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Who’s entitled?

The Conservative Party’s fast-and-loose regard for the rules demonstrates a disgusting sense of entitlement

And you thought the Liberal Party was arrogant.

The Federal Riding Redistribution Commission filed its report last week, and along with the report, a dissenting report from the president of the Saskatchewan Association of Rural Municipalities David Marit was filed, a report that suggested the current rural-urban hybrid ridings reflected “Saskatchewan values.” Robocalls to that made the same argument also went out at the behest of the Conservative government – a fact they first denied then admitted to.

Now, the Conservative government is fond of labelling anyone that uses social programming (or “entitlement programs” as they like to call them) in Canada “entitled.” But let’s consider who is really entitled. It is certainly not the people who can barely scrape by living paycheque to paycheque and taking welfare when they need it.

It’s Conservative ministers like Peter Mackay who think that if they are out in the middle of back-wood Newfoundland they can call a military helicopter to pick them up. Who think expensive photo ops with F-35 jets is more than enough research and competition to determine that they are the plane for our military.

It’s Conservative ministers like Tony Clement who think that having the G8 and G20 summits in their riding means new gazebos miles from where the summits were to take place, and ministers that think building a $57,000 temporary fake lake is a good investment of tax dollars.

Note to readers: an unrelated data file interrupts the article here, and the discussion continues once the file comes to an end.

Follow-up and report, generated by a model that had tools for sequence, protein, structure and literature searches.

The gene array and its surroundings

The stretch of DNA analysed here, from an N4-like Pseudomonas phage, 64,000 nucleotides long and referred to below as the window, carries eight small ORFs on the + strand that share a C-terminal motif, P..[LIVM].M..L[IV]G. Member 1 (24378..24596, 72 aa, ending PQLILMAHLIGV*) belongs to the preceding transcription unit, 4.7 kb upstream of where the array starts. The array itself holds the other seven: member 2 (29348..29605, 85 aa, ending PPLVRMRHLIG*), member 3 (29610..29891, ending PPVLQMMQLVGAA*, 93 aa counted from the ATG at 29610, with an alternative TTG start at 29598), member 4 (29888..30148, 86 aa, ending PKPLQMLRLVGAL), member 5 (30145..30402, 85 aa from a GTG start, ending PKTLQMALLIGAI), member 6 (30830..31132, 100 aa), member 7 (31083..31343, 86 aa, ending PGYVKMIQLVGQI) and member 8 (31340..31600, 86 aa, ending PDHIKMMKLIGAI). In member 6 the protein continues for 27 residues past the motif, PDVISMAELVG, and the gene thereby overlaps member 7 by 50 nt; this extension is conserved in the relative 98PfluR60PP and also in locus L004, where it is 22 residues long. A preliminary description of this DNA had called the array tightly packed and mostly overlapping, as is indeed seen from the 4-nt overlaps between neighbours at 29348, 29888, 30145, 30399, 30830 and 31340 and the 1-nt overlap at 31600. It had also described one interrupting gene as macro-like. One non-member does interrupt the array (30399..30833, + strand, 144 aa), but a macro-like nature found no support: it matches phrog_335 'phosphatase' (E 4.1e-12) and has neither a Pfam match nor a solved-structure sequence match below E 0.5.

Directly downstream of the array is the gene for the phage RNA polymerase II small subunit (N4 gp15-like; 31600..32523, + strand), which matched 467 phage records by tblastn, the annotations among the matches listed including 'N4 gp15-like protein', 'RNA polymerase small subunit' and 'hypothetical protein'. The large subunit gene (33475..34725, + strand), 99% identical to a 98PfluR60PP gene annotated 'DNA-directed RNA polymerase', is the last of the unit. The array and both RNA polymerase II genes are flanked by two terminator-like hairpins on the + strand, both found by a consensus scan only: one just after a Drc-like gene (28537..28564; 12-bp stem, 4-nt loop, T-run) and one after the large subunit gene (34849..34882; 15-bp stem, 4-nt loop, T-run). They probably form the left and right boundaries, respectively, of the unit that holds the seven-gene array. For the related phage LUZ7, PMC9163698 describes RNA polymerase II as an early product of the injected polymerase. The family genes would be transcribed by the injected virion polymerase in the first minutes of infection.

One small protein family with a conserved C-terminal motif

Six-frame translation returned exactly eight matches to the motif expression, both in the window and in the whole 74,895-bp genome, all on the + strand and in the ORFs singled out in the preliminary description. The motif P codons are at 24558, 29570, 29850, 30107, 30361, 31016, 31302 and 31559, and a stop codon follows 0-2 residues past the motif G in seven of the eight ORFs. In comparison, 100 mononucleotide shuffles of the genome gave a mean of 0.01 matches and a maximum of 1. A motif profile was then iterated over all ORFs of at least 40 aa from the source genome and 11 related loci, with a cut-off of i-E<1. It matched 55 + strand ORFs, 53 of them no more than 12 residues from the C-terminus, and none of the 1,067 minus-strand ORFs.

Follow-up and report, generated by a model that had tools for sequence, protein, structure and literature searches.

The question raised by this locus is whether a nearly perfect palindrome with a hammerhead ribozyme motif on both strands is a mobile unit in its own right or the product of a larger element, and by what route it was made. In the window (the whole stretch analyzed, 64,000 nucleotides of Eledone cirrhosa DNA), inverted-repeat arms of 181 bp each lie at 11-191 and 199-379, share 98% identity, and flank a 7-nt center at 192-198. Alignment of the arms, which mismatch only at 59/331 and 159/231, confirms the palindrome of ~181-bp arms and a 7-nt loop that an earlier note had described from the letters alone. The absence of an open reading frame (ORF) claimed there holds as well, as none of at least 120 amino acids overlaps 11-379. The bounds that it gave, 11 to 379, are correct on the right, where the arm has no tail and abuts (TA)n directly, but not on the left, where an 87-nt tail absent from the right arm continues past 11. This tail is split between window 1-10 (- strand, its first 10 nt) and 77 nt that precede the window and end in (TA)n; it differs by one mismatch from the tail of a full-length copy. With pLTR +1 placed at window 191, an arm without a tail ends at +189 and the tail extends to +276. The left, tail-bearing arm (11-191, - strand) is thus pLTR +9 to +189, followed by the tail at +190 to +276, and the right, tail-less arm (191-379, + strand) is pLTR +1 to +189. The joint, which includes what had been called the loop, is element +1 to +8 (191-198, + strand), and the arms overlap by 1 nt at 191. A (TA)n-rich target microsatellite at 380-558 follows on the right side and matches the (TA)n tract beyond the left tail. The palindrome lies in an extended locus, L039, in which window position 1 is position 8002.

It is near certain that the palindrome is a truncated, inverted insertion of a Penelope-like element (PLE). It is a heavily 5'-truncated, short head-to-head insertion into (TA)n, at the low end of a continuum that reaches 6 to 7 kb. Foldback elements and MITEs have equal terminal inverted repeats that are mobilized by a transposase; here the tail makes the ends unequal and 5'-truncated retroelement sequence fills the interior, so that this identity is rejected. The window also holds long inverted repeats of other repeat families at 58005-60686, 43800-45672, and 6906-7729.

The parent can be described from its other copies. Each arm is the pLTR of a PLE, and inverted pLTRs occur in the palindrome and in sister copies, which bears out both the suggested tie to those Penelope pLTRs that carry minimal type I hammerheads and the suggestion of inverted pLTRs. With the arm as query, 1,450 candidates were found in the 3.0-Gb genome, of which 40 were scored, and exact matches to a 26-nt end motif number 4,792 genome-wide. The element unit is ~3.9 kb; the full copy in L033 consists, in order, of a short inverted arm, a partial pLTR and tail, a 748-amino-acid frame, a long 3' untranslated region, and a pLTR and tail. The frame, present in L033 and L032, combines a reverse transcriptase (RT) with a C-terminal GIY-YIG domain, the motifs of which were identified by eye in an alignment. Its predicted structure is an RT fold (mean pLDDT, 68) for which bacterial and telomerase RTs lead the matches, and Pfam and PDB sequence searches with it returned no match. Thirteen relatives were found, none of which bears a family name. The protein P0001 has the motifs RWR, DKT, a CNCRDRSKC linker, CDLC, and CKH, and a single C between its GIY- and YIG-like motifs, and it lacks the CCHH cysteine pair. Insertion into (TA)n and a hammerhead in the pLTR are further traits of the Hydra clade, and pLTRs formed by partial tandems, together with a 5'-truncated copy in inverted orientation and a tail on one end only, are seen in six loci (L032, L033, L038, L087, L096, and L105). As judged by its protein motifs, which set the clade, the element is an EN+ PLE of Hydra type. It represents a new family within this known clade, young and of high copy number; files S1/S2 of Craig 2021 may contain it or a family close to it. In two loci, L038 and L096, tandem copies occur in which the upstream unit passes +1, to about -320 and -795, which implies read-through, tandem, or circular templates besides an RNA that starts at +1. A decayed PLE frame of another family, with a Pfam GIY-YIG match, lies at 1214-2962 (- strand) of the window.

It’s Conservative ministers like Bev Oda who think that a $17 orange juice and lavish five-star hotels are something that Canadians won’t begrudge her while people in northern Canada can barely afford bread because of a growing food crisis.

It’s a Conservative minister like Jim Flaherty who creates a Parliamentary Budget officer and then does everything in his power to obfuscate the finances of government and stand in the way of that officer doing his job. The same minister that wrote a letter to the CRTC putting pressure on them to allow a new radio station to begin broadcasting in his riding, a serious conflict of interest.

It’s a Prime Minister who thinks that because he has a Parliamentary majority, he can govern like a dictator, forcing huge omnibus budget bills through Parliament with no debate and no conciliation.

It’s an entire party that thinks it can stick its nose into a non-partisan commission on redistributing ridings and blanket an entire province with robocalls to sway support against a necessary change to riding boundaries. It is a party that deliberately denies urban voters a voice in this province for the sake of protecting their 93 per cent share of seats while only receiving 56 per cent of the popular vote. Certainly per cent of seats will never match perfectly with the popular vote, but a 37 per cent disparity between those numbers is not something to be proud of and certainly not a “Saskatchewan value.”

This is a far cry from the Tories that took power in 2006 on the promise of cleaning up the corruption in Ottawa and ending the government entitlements of the Liberal years. But the entitlement and corruption that seems to be encouraged in this government is an affront to all Canadians. The Saskatchewan riding boundaries robocalls are just another example on a long list of entitled behaviour.

Edward Dodd
Op-Ed Editor

Photo courtesy of fullcomment.nationalpost.com

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